Look Ma, 18,000 in the Dow and No Gremlin!

July 10, 2016

Mish's Daily

By Mish Schneider


For roughly a year and a half to describe market conditions, I’ve borrowed and used a concept from two classic TV shows. The Twilight Zone’s Terror at 20,000 Feet and The Simpson’s Terror at 5 ½ Feet. Both episodes depict a lonely passenger who looks out the window and sees a gremlin that nobody else can see.

As recently as last Thursday and after we all went paragliding, we watched the Dow nearly launch to 18,000! Many came up with viable theories why gremlins in the market continue to exist.

And then last Friday, with the help of a much better than expected unemployment number along with an increase in wages, up in the air our paraglider went. The Dow soared past 18,000 with nary a gremlin in sight.

So after 8 attempts to rise above 18k in 2016, turns out the 9th time’s a charm. Therefore, as the market ends the week cruising at altitude, we wonder:

  1. Where does the market go from here?
  2. What might bring the gremlin back?

Surprising to many looking for a bottom, the 20+ Year Long Treasury Bonds continued to fall. The TLTs closed the week on new all-time highs.

The US dollar barely budged with the 50 week moving average just slightly overhead. The Euro sits in a Distribution Phase.

Even more surprising to lots of folks, the metals also substantially rallied last week. Crazy, right? The theory that gold, miners and silver must go down because of what exactly? No more fear? Lower Oil prices? Deflation on the rise? The DJIA is up?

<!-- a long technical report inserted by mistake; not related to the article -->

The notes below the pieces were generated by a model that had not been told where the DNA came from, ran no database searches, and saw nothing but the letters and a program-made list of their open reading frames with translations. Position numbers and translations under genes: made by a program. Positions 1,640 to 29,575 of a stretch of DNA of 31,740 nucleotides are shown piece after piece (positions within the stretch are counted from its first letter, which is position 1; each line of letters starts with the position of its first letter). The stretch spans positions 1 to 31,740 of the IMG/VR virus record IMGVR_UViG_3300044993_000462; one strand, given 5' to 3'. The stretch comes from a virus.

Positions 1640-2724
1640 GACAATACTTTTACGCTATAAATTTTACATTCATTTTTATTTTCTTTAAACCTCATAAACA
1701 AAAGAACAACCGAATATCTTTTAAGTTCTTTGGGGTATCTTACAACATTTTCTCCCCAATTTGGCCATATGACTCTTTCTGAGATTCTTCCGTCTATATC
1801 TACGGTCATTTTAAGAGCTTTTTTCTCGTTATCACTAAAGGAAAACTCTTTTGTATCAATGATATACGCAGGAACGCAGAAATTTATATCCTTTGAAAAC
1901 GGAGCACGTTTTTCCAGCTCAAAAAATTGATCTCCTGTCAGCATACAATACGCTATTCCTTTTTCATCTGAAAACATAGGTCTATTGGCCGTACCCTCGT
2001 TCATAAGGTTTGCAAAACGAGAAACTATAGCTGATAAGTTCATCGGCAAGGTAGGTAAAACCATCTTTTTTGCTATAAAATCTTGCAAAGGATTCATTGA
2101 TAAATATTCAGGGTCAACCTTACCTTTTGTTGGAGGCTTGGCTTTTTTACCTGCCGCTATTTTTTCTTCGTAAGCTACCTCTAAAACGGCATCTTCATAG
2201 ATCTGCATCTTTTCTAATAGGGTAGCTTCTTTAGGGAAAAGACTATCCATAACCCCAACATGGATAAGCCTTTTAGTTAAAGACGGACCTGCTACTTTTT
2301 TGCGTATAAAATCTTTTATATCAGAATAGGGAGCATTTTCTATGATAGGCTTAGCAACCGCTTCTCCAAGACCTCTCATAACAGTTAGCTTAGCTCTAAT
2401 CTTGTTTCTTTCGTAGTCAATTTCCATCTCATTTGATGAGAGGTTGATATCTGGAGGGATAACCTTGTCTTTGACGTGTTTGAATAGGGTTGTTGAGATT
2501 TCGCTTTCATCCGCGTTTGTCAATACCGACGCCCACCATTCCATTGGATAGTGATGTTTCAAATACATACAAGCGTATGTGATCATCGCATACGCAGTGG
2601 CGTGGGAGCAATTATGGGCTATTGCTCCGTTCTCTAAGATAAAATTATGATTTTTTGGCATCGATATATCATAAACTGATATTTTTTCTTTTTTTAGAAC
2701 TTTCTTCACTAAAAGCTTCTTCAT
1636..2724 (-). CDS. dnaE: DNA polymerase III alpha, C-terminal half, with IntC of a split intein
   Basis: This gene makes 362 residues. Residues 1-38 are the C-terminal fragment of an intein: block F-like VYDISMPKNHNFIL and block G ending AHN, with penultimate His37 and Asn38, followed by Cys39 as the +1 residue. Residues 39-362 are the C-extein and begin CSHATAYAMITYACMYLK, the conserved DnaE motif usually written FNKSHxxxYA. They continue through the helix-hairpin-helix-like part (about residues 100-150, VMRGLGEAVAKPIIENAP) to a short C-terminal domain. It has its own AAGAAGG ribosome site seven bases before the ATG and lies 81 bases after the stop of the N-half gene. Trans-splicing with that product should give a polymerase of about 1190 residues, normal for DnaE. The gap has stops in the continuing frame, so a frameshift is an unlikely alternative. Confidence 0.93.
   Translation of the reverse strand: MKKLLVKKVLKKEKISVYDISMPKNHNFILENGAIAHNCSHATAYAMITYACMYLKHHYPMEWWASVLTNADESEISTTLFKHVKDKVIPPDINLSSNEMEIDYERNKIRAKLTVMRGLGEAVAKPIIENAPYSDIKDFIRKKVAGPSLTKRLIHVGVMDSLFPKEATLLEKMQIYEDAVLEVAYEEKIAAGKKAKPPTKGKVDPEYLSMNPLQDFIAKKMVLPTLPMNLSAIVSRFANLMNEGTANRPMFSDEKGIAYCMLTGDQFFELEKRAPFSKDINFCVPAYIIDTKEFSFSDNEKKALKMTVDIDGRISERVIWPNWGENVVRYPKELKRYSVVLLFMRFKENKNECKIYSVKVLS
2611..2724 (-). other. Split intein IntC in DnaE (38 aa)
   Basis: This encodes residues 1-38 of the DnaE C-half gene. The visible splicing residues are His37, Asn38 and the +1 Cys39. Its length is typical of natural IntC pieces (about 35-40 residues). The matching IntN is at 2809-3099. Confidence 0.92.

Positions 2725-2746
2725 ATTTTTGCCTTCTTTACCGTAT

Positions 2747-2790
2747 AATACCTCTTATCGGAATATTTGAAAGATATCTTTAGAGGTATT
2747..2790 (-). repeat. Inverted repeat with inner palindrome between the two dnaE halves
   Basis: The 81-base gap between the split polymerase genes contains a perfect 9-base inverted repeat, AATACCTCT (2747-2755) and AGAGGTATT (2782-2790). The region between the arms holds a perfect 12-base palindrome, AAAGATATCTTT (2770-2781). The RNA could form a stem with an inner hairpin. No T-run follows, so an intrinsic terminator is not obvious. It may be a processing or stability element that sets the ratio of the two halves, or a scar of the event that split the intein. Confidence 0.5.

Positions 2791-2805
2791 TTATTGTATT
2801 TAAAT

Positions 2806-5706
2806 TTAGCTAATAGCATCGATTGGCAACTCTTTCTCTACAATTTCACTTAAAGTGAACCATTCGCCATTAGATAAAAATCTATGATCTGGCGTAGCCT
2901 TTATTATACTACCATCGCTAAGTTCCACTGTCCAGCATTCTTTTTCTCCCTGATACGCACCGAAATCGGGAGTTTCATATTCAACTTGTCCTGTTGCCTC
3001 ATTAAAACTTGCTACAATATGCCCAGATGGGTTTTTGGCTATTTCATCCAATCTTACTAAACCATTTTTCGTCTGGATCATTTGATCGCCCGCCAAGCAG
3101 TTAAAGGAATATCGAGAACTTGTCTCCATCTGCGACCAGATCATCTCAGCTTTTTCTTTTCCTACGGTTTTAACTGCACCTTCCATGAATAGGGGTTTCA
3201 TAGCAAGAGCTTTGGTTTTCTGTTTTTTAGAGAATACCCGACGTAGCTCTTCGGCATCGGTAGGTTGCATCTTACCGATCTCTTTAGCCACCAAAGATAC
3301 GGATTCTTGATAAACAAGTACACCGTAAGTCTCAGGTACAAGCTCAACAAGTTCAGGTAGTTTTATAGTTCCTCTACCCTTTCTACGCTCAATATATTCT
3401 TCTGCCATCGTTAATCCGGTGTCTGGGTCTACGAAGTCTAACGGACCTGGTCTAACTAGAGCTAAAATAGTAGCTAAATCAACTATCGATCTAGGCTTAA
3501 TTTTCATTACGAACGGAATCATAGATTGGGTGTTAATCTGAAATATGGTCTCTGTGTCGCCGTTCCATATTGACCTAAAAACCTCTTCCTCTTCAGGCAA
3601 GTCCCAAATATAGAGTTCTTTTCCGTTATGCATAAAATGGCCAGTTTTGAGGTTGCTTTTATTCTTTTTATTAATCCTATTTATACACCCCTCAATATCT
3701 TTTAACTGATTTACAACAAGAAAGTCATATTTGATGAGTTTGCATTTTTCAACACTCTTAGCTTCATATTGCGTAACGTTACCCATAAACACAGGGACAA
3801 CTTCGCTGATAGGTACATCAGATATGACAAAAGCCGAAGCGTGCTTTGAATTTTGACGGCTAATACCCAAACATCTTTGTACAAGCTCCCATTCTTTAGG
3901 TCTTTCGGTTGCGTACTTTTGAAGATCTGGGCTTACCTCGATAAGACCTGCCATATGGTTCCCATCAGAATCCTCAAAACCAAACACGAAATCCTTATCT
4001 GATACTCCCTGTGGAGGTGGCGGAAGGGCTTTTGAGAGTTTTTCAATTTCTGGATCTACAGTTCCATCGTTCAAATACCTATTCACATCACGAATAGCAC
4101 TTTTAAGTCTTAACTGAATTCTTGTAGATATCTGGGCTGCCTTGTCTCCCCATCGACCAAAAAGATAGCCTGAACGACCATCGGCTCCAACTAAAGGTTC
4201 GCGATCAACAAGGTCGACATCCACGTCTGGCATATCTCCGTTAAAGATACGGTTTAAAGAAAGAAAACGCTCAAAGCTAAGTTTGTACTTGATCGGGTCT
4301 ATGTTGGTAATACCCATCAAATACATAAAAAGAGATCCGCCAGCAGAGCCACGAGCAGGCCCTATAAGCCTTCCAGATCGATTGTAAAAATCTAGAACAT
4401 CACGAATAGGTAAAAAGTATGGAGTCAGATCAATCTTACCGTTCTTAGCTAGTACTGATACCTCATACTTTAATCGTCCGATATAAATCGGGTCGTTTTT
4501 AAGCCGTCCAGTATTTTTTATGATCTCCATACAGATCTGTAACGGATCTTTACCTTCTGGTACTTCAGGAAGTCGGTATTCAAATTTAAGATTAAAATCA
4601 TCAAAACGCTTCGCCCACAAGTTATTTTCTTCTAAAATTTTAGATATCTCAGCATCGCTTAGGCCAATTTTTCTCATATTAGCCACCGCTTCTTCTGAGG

Please, take those theories based on historical relationships and throw them in the trash bin. Hit delete once and for all.

Here’s my theory: the metals are rising partly because the Federal Reserve is so dovish. If they aren’t convinced that the economy both in the US and abroad aren’t healthy enough to raise the interest rates, then doesn’t it make sense to hold onto metals? Besides, while the stock market lives in a fantasy world, for so many others reality has a different sting. Hence, our recent and increasing turbulent times.

Looking ahead objectively, here’s what a gremlin might look like.

Another global terror attack. A banking crisis. A devastating weather disaster. Unforeseen fallout from Brexit. An inflation rate that goes out of control. A shocker from The Fed with a rate rise.

But really-let’s enjoy the ride over 18,000 for now. Junk bonds soared this week. That certainly means investors perceive less risk. Amazon made a new high. Folks are shopping online. Oil remains cheap. That puts more money in our pockets.

And what about the Modern Family?

The Russell 2000, our Granddad got feisty. Grandma Retail filled her shopping bags and nearly cleared the 200 daily moving average. Sister Semiconductors is only a computer chip away from the June highs. Big Brother Biotechnology is proud of himself for getting the ball rolling. Nevertheless, he mustn’t sit on his hands.